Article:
A Lancaster University environmental scientist is taking part in an Antarctic expedition which aims to look back in time to understand rising global sea levels.
Dr Yani Najman from Lancaster Environment Centre is one of 50 researchers on board the Alfred Wegener Institute’s research vessel Polarstern which departed from Punta Arenas (Chile) on 6 February 2017, bound for the Amundsen Sea – the region of the Antarctic currently characterised by rapid loss of ice.
The international team will use a seafloor drill rig in the Antarctic in an attempt to unlock the historical information stored in the sediment beneath the sea. The drill can extract sediment cores of up to 70 metres in length. Subsequent analyses of the cores – such as determining the species and ages of the fossil algae – will yield essential information on past water temperatures and the history of ice cover in the West Antarctic.
The results are expected to improve forecasts for rising global sea levels.
Dr Yani Najman said: “The purpose of the expedition is to ask how the West Antarctic Ice Sheet has changed in response to alternating warm and cold time periods? How has the ice sheet has advanced and retreated in the past and at what speed. The answers will help us work out what that could mean for the sea levels both today and in the future.”
Between 1901 and 2010, the global sea level rose by 19 centimetres. Projections for the future suggest a rise of anywhere between 26 and 82 centimetres by the end of the century. The latest models show that the sea level might even rise by an additional metre. Prognoses for sea-level rises are important, because they provide the basis for potentially adapting to and minimising the impacts of climate change.
Although today’s computer models are now capable of depicting the relationship between ice and the ocean, there is still a lack of data on the behaviour of the West Antarctic Ice Sheet.
Dr Karsten Gohl from the Alfred Wegener Institute, Helmholtz Centre for Polar and Marine Research (AWI) is the chief-scientist of the Polarstern expedition.
Dr Gohl said: “Particularly in the Amundsen Sea region, we’ve observed an unusually rapid retreat over the past few decades, which many believe to be the first step in a complete collapse of the West Antarctic Ice Sheet… We plan to collect samples from epochs of the Earth’s history with similar climatic conditions to those we expect to see in the next 100 to 200 years.”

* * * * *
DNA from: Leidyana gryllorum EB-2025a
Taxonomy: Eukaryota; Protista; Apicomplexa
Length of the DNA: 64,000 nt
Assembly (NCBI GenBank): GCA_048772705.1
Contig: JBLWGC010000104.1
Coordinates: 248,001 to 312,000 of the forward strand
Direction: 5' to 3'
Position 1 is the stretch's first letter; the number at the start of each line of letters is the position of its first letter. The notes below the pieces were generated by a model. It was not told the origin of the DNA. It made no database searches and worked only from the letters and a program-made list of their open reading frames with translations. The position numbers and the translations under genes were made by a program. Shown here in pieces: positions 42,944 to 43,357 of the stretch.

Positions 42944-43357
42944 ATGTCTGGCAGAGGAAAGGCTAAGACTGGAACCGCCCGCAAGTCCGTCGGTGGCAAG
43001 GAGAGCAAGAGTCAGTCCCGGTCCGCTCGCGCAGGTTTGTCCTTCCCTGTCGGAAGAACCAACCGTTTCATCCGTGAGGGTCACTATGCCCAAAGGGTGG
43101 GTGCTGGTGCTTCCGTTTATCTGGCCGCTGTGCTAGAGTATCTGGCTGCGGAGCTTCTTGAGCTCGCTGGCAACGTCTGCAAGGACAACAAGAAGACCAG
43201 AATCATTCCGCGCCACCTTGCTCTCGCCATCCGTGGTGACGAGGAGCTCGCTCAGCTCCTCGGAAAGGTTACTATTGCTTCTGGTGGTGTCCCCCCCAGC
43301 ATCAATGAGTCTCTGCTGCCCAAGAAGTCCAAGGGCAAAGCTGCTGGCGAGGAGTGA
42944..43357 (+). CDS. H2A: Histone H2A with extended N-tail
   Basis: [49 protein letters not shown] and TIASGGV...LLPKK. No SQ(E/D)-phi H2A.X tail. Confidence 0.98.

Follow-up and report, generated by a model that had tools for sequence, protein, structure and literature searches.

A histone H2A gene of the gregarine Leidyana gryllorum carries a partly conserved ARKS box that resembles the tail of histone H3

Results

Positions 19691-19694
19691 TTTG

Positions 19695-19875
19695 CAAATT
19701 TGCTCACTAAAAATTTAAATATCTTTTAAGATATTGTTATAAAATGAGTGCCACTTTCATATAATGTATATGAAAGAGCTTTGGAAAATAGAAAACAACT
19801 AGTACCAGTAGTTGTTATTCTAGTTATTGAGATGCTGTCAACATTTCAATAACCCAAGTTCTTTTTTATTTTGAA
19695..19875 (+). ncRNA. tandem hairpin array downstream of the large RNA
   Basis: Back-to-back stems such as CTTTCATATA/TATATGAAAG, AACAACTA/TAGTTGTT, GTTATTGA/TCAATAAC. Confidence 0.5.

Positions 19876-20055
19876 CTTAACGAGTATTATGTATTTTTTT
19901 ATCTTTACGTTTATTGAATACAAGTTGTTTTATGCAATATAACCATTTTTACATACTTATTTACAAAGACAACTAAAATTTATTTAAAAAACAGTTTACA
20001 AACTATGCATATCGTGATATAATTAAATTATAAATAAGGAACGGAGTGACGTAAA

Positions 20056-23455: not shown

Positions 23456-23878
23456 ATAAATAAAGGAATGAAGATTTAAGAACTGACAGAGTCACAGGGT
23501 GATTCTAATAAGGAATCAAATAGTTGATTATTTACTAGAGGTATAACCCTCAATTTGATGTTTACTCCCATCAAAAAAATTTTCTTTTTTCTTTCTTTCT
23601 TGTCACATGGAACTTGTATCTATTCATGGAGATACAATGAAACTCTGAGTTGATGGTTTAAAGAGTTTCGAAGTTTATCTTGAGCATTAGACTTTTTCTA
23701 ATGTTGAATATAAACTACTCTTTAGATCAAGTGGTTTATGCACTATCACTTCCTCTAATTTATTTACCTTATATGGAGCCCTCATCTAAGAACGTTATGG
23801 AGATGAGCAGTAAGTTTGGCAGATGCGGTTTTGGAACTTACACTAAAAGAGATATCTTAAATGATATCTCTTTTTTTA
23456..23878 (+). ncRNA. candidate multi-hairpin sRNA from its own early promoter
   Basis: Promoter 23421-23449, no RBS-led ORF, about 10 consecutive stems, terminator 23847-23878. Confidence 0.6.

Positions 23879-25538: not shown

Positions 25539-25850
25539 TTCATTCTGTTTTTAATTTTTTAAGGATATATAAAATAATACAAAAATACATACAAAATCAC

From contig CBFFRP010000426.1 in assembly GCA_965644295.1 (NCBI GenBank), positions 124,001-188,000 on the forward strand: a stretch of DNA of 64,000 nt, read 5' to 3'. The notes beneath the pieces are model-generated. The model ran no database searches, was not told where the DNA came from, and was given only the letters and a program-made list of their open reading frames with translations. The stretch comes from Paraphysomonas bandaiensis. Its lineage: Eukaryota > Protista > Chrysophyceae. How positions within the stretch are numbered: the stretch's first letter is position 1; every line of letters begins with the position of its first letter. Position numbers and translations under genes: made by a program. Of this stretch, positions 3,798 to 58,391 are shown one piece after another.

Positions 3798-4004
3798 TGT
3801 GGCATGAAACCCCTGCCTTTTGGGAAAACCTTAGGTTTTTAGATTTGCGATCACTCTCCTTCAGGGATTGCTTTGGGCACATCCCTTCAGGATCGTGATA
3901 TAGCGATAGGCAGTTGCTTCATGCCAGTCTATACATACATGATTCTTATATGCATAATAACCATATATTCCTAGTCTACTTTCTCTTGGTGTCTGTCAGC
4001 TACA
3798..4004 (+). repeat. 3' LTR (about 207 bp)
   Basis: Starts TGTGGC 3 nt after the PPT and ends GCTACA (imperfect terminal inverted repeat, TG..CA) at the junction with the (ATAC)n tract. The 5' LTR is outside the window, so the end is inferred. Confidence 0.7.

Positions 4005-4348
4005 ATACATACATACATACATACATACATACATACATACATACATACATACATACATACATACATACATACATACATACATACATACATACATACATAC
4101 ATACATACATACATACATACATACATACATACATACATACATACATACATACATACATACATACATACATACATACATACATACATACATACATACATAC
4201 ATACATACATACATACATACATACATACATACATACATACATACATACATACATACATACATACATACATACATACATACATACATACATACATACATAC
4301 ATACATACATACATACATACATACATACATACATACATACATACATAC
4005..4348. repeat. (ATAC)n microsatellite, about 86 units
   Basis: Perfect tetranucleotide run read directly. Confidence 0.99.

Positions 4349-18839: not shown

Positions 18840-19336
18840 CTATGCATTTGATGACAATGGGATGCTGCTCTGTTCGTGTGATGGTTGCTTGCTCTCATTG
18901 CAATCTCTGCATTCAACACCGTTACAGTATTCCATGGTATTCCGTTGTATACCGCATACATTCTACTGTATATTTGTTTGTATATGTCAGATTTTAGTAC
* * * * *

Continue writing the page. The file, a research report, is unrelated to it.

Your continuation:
The information Geoscientists need is found in the remains of single-celled algae (foraminifera and diatoms), which sink to the seafloor as sediments when they die.
They hope to look back as far as the Pliocene: three to five million years ago, when the temperature was two to three degrees higher than it was just before the industrial revolution, and the carbon dioxide concentration in the atmosphere, 400 parts per million, was roughly the same as it is today.
During the expedition, the drill will be used to drill sediment cores from as many as nine different sites to map historical changes in the ice cover of the Amundsen Sea
Dr Karsten Gohl said: “We hope the drilling technique and measurements will work smoothly despite the harsh conditions in the Antarctic, so that when we return to Punta Arenas on 19 March, it won’t be empty-handed, but with several hundred metres of sediment cores.”
Once the ship has returned, the samples and data will be analysed in the laboratories. Geoscientists and climate modellers at the AWI as well as researchers from partner institutes MARUM, the British Antarctic Survey, German and British universities can’t wait to get their hands on the new data.